It must therefore be in whole or in part on other grounds that the state desists from the employment of this method of balancing accounts. These other considerations belong in the second class of considerations above (sec. 81) pointed out as going to decide the choice of a method of payment for public services,—namely, the difference existing between the different individuals and classes in point of ability to pay.

§ 86. With the Reformation the church handed over to the state the control of the schools as well as of charities. In con sequence it has become the duty of the state to place the great business of popular education on a plane far higher than that indi cated by the payment of an equivalent for the advantages enjoyed. The proper solicitude of the commonwealth for its weaker mem bers, whether in spiritual or in worldly good, is a question of the first importance in this connection.

This thought has found legislative expression in the principle of obligatory attendance at school. It may have been embodied in an uninterrupted series of enactments reaching from the time of the Reformation down to the latest constitutional provisions adopted ; or it may, as in the case of England, France, etc., have found its way into legislation indirectly, as the occasion for its application has arisen, now through the growing needs of a civilized age, now through the evils of modern child-labor.

But the principle of obligatory school attendance has every where had a severe struggle to assert itself, not only from the failure of the people to appreciate the benefit conferred in the instruction, but also, and especially, on account of their straitened pecuniary circumstances. The surprising interval that frequently exists even today between the letter of the requirement and the actual facts of compliance is mainly traceable to the fact that the requirement of school attendance has conflicted with the pecuniary interests of the family. Any additional stringency in enforce ment, any raising of the legal requirements, such as now-a-days belong everywhere to the order of the day, is feasible only so far as it takes due account of the economic situation of the parents. A child that is withdrawn by the school from household employ ment, from the farm, the workshop or the factory, and is put to non-productive employment instead of being productively employed, becomes by this fact alone a pecuniary drain on the parents.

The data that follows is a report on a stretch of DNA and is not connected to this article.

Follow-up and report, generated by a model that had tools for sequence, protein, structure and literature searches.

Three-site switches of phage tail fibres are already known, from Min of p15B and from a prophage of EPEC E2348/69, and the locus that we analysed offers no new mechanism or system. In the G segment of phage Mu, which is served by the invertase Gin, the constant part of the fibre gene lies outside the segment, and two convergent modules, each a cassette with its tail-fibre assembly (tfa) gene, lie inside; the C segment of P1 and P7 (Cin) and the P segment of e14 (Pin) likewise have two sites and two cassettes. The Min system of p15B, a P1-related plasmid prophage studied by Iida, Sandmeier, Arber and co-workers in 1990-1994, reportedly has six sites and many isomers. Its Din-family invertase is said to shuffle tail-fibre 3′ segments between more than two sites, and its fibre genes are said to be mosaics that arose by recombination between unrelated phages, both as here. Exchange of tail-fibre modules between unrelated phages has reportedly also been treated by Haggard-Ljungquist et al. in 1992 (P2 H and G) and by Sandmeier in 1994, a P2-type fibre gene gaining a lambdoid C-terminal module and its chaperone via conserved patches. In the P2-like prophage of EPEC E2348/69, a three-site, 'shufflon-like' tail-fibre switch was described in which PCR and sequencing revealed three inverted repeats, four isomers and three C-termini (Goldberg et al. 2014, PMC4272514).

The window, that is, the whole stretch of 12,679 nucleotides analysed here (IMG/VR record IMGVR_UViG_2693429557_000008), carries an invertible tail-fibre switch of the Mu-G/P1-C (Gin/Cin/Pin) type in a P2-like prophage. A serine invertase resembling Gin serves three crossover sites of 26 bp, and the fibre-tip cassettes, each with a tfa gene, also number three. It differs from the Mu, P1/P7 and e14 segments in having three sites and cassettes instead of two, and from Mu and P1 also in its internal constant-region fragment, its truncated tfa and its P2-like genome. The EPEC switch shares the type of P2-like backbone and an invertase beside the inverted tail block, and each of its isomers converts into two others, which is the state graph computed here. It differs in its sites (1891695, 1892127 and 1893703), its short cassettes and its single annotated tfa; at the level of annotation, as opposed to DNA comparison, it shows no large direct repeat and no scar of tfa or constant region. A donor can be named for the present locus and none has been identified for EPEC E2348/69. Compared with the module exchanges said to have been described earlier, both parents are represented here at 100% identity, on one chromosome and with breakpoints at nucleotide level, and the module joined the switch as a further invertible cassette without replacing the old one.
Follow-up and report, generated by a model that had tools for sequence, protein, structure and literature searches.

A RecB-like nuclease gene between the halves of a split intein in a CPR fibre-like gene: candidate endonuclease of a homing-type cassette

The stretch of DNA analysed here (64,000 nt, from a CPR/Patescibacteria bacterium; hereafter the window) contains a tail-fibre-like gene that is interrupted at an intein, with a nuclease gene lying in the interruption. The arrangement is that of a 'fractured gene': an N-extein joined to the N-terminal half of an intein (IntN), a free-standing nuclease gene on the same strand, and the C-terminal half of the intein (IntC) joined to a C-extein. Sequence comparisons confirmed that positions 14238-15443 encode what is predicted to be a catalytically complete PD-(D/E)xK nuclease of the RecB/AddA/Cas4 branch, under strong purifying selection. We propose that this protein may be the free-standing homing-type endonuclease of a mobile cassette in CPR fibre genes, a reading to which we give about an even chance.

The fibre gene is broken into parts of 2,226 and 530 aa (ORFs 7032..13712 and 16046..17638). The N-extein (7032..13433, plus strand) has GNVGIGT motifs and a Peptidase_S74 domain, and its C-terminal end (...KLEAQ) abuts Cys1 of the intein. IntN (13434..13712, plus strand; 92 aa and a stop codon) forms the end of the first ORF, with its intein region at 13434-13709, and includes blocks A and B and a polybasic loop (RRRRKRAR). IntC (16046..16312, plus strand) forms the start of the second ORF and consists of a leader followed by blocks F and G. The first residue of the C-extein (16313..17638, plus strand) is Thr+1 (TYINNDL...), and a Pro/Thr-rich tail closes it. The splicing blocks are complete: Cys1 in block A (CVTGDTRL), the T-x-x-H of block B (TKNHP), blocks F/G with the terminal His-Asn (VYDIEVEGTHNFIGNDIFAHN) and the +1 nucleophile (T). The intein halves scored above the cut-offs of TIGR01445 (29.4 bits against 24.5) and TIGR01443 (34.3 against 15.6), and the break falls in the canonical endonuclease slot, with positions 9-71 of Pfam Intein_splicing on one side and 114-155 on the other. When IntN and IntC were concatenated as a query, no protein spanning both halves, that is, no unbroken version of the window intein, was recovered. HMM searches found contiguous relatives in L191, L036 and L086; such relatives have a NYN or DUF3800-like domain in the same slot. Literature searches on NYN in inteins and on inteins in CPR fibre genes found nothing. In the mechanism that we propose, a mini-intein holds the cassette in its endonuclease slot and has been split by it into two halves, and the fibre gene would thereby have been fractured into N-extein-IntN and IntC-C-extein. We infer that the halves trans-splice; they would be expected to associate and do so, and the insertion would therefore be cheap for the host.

This state of the case—the existence of a conflict between the compulsory attendance at its schools required by the state and the pecuniary strain which the compliance with this requirement involves for the parents—makes it impossible, on grounds of expediency and of equity both, to apportion instruc tion and its attendant cost by number, length of time, etc., although such a method of admeasurement is not hindered by the intrinsic nature of our schools, considered from the point of view of industrial practicability.